As a result of this grant, we now understand some of the reasons why breast cancer cells can be difficult to eliminate by the immune system. The biochemical mechanisms uncovered reveal new strategies for perhaps developing drugs that might overcome the resistance of breast cancers to the immune system, and thereby improving chances of marshaling the body's own defense systems for eliminating or controlling breast cancer.

Expression of multiple apoptosis-regulatory genes in human breast cancer cell lines and primary tumors
Periodical:Breast Cancer Research and Treatment
Index Medicus: Breast Cancer Res Treat
Authors: Zapata JM, Krajewska M, Krajewski S, Huang R-P, Takayama S, and Reed JC, et al
Yr: 1998 Vol: 47 Nbr: Abs: Pg:129-140

Immunohistochemical analysis of in vivo patterns of TRAF-3 expression, a member of the TNF receptor-associated factor family
Periodical:Journal of Immunology
Index Medicus: J Immunol
Authors: Krajewski S, Zapata JM, Krajewksa M, VanArsdale T,Shabaik A, and Reed JC, et al
Yr: 1997 Vol: 159 Nbr: Abs: Pg:5841-5852

The c-IAP-1 and c-IAP-2 proteins are direct inhibitors of specific caspases
Periodical:Embo Journal
Index Medicus: EMBO J
Authors: Roy N, Deveraux QL, Takahashi R, Salvesen GS and Reed JC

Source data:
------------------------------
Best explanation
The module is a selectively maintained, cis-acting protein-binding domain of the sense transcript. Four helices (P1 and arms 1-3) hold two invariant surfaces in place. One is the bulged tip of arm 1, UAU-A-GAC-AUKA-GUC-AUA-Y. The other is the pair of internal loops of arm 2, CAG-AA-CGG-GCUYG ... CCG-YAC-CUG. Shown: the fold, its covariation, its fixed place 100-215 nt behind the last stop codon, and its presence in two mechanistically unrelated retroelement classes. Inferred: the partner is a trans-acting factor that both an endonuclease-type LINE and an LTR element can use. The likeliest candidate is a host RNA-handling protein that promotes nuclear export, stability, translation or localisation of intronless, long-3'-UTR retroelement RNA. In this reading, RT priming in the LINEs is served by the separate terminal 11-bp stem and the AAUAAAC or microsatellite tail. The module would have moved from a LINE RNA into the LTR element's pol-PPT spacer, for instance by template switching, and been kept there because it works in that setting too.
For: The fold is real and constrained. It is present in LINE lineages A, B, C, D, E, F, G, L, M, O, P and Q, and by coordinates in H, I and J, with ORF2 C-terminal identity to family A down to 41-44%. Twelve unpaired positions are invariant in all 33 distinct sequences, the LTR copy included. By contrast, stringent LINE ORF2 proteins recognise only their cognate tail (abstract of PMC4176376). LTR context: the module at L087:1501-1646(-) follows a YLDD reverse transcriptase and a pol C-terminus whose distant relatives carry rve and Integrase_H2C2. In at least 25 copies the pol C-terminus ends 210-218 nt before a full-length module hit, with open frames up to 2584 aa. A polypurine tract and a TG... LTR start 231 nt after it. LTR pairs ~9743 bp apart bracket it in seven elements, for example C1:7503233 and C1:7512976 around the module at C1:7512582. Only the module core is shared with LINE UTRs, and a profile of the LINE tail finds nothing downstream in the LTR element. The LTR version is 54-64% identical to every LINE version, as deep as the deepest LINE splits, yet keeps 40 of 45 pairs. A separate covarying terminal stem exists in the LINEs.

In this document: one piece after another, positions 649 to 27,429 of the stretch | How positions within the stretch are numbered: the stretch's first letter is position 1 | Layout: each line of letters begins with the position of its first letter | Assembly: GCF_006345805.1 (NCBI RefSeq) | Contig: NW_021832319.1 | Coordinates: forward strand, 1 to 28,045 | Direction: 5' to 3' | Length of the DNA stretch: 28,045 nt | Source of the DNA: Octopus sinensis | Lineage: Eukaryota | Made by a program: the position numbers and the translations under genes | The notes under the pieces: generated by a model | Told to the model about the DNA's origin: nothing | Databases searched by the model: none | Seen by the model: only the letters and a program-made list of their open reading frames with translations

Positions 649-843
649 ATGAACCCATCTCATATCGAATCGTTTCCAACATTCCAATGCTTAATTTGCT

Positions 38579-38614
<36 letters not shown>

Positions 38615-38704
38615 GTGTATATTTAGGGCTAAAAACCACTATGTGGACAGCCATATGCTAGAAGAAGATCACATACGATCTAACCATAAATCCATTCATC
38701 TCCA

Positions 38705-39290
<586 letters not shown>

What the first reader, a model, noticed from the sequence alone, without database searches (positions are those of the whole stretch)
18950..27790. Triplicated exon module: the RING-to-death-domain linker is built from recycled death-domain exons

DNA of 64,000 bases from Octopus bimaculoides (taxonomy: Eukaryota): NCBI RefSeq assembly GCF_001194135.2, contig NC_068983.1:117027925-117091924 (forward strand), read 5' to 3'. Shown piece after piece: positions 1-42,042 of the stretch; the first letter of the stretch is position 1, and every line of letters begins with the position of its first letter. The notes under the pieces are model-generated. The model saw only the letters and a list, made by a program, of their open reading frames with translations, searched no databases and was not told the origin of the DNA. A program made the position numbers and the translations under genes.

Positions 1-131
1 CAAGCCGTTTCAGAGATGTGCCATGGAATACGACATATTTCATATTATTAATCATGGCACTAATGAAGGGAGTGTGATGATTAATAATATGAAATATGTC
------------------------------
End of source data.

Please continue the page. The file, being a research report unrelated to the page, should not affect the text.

Yr: 1997 Vol: 16 Nbr: 23 Abs: Pg:6914-6925

Differences in susceptibility to tumor necrosis factor alpha-induced apoptosis among MCF-7 breast cancer cell variants
Periodical:Cancer Research
Index Medicus: Cancer Res
Authors: Burow ME, Weldon CB, Tang Y, Navar G, Hammond T, Krajewski S, and Reed JC, et al
Yr: 1998 Vol: 58 Nbr: 21 Abs: Pg:4940-4946

Granzyme release and caspase activation in human T-lymphocyts
Periodical:Journal of Biological Chemistry
Index Medicus: J Biol Chem
Authors: Zapata JM, Takahashi R, Salvesen GS, and Reed JC
Yr: 1998 Vol: 273 Nbr: 12 Abs: Pg:6916-6920

IAPs block apoptotic events induced by caspase-8 and cytochrome c by direct inhibition of distinct caspases
Periodical:Embo Journal
Index Medicus: EMBO J
Authors: Deveraux Q, Roy N, Stennicke HR, Zhou Q, Srinivasula SM, and Reed JC at el
Yr: 1998 Vol: 17 Nbr: 8 Abs: Pg:2215-2223

TRAF-4 expression in epithelial progenitor cells: Analysis in normal adult, fetal, and tumor tissues
Periodical:American Journal of Pathology
Index Medicus: Am J Pathol
Authors: Krajewska M, Krajewski S, Zapata JM, Van Arsdale TGascpume R, an Reed JC
Yr: 1998 Vol: 152 Nbr: 6 Abs: Pg:1549-1561

X-linked IAP is a direct inibitor of cell-death poteases
Periodical:Nature
Index Medicus: Nature
Authors: Deveraux Q, Takahashi R, Salvesen GS, and Reed JC
Yr: 1997 Vol: 388 Nbr: 6639 Abs: Pg:300-4